The U.N. secretary-general started his three-day visit to China by reaching out to Chinese Internet users in a chat session streamed online. Ban Ki-moon answered questions about Syria, the United Nations' core missions, as well as personal questions about his Asian cultural background. He also gave his evaluation of China's overseas peackeeping efforts and its involvement in Africa.
The hour-long Q&A session was mediated by one of China’s most famous talk show hosts, Yang Lan. Users of Weibo, China’s top micro-blogging service, sent in more than 16,000 questions.
The situation in Syria
Ban said that news of the continued violence in Syria sometimes deprives him of sleep.
“This must stop, at any cost,” he said, and added that China could play an important role in resolving this issue.
China in the past has allied with Russia in blocking Western-backed U.N. resolutions that call for sanctions against Syria.
Ahead of Ban's arrival, the official People's Daily newspaper ran a commentary rejecting foreign intervention in the crisis.
China’s role in Africa
On Thursday, Ban attends the ministerial summit of China-African countries, a meeting that seeks to enhance cooperation between the world’s second largest economy and developing countries in Africa. Ban praised the summit, and said that South to South cooperation will benefit all sides.
Ban said that though Africa is a land of opportunities and potential, many challenges still hamper its development. “China can help African countries to strengthen their capacity to cope with these difficulties and challenges,” Ban said.
During the interview, Ban also praised the work of 2,000 Chinese peacekeeping forces working around the world saying that he hoped that Chinese engagement continued to promote peace and security in the world.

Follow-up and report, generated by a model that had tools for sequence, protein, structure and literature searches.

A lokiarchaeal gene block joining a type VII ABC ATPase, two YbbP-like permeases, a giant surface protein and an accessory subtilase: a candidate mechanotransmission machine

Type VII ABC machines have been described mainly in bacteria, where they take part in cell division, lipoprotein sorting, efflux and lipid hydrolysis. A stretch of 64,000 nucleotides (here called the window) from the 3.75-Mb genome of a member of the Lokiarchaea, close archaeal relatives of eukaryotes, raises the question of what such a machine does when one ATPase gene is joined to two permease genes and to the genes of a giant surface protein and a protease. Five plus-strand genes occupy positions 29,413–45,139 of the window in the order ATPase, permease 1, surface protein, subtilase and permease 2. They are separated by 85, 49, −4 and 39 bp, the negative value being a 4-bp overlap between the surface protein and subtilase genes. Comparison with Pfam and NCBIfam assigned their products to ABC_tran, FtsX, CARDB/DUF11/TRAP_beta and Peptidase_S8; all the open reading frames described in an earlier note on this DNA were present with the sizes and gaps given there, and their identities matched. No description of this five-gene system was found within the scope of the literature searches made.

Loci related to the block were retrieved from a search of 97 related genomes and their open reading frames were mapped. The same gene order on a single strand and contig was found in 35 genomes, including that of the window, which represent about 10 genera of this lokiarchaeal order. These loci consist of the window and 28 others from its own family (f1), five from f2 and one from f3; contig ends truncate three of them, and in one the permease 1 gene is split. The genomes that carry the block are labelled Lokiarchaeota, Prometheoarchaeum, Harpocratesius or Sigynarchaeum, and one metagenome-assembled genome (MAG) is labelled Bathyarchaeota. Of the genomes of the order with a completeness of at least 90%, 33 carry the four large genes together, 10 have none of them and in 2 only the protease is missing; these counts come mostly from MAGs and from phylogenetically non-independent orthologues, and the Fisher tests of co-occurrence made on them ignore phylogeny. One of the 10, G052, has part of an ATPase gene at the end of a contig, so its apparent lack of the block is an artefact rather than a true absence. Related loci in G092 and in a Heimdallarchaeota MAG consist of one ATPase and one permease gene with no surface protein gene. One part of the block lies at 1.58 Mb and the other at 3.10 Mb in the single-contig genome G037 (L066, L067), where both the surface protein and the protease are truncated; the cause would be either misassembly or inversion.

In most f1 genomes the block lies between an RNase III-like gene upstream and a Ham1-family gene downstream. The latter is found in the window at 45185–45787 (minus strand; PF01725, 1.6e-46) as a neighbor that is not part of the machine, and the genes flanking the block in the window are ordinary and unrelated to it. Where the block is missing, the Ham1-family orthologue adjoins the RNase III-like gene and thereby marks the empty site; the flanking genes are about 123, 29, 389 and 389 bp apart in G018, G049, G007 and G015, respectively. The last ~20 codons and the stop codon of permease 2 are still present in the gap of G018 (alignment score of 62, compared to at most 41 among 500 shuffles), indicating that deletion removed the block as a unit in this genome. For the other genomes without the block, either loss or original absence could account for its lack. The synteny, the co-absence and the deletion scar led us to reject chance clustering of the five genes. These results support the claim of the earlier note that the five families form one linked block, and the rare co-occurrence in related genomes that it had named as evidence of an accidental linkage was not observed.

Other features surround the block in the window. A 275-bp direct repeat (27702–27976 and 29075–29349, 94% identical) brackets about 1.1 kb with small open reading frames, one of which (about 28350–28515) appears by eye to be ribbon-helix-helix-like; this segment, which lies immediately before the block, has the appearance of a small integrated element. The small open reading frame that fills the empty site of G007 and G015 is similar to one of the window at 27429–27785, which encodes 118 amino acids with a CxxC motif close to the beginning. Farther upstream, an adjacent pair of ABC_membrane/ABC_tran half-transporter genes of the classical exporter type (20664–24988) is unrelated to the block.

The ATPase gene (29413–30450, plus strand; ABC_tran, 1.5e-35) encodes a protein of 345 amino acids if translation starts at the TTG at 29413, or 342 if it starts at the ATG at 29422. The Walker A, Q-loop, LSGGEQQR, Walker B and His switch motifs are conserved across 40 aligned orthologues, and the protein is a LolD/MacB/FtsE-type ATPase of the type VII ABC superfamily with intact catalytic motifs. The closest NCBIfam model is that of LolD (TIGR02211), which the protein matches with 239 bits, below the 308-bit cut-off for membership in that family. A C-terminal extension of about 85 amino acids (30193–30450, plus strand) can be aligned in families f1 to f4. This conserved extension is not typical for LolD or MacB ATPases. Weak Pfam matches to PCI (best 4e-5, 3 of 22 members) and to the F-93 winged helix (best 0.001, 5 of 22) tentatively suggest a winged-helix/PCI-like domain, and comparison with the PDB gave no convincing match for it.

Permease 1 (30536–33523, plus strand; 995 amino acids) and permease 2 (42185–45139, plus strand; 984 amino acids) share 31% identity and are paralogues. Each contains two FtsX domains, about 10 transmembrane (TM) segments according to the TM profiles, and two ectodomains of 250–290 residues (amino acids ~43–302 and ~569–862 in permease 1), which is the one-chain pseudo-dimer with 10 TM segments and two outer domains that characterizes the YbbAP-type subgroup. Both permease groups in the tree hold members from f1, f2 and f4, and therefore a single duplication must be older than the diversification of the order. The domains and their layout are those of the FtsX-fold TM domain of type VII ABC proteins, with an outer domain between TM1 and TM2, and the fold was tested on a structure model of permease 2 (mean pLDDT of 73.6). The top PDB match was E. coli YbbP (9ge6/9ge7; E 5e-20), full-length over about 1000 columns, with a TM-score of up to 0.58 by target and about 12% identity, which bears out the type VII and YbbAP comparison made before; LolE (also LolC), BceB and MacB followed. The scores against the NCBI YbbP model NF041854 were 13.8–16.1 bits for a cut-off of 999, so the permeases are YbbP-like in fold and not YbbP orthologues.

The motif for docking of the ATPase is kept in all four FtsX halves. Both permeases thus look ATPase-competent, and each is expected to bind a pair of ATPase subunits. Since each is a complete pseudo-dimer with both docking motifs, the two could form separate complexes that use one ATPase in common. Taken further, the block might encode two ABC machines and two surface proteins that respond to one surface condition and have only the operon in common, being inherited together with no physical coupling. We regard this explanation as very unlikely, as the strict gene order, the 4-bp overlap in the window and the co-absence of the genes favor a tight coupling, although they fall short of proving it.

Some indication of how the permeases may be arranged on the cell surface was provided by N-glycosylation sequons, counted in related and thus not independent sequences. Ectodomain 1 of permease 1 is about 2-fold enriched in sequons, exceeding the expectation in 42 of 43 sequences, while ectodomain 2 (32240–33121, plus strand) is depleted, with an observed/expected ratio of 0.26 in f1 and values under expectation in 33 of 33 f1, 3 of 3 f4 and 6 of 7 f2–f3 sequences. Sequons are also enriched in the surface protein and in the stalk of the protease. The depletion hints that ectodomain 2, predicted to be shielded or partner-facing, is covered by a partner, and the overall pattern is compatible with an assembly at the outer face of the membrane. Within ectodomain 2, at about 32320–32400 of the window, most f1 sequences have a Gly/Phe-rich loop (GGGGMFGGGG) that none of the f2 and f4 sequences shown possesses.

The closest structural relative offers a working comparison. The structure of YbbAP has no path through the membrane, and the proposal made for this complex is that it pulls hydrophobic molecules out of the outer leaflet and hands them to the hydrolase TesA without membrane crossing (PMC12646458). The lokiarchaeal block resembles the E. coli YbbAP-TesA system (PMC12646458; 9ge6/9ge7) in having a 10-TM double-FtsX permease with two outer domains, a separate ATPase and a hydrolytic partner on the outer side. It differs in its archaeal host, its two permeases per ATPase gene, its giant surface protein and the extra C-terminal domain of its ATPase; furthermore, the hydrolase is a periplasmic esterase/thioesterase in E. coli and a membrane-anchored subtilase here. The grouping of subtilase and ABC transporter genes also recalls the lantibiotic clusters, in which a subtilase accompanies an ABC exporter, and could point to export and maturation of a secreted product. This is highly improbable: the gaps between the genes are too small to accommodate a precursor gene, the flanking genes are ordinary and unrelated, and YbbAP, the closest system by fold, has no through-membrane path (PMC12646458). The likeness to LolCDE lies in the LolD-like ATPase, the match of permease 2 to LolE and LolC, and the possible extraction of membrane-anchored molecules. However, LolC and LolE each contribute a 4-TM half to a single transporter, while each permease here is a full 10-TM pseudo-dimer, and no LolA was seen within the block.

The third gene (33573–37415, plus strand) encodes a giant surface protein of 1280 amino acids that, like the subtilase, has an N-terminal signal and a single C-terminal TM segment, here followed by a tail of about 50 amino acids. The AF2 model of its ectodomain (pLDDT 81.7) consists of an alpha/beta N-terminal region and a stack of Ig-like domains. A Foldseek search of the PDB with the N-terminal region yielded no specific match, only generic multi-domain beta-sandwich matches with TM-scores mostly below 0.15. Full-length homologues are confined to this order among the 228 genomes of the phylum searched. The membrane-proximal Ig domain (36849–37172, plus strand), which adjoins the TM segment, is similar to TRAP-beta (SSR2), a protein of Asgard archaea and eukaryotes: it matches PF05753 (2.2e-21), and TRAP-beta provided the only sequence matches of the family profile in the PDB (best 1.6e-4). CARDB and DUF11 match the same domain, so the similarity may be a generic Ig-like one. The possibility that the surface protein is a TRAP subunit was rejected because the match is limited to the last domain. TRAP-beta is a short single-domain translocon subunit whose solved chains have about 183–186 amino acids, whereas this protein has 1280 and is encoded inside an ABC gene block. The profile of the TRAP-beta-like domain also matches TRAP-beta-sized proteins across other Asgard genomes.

Ban’s philosophy on diplomacy
An Internet user named Yanshui Ruhua quoted Ban’s public reference of an ancient Chinese thinker, Laozi, and asked the secretary-general how such ancient philosophy could be applied to his work. Ban answered by acknowledging his own Confucian background, but said that both Asian and Western philosophy helped him when facing difficult tasks.
Ban, who had studied calligraphy as a child but abandoned it later in life, said that he recently started to practice it again. He drew a parallel between impeccable calligraphy and good diplomatic work, saying that though the outcome might seem effortless in both, it takes a lot of work behind the scenes to achieve good results.
Updates on Ban’s conversation with Chinese Internet users were posted on the U.N.’s Weibo account, which was created in 2010 and now counts more than two million followers. The interview was part of an effort by the U.N. to better communicate with citizens of different countries.
“The United Nations has a very lofty ideals and goals,” Ban said, adding that these objectives should be disseminated so that the world’s peoples can understand and share them.
Apart from meeting China’s leaders and take part in the China-Africa summit, Ban is expected to meet with Chinese people who contributed to the “Future We Want” campaign, a U.N. initiative encouraging sustainability and creativity in the world.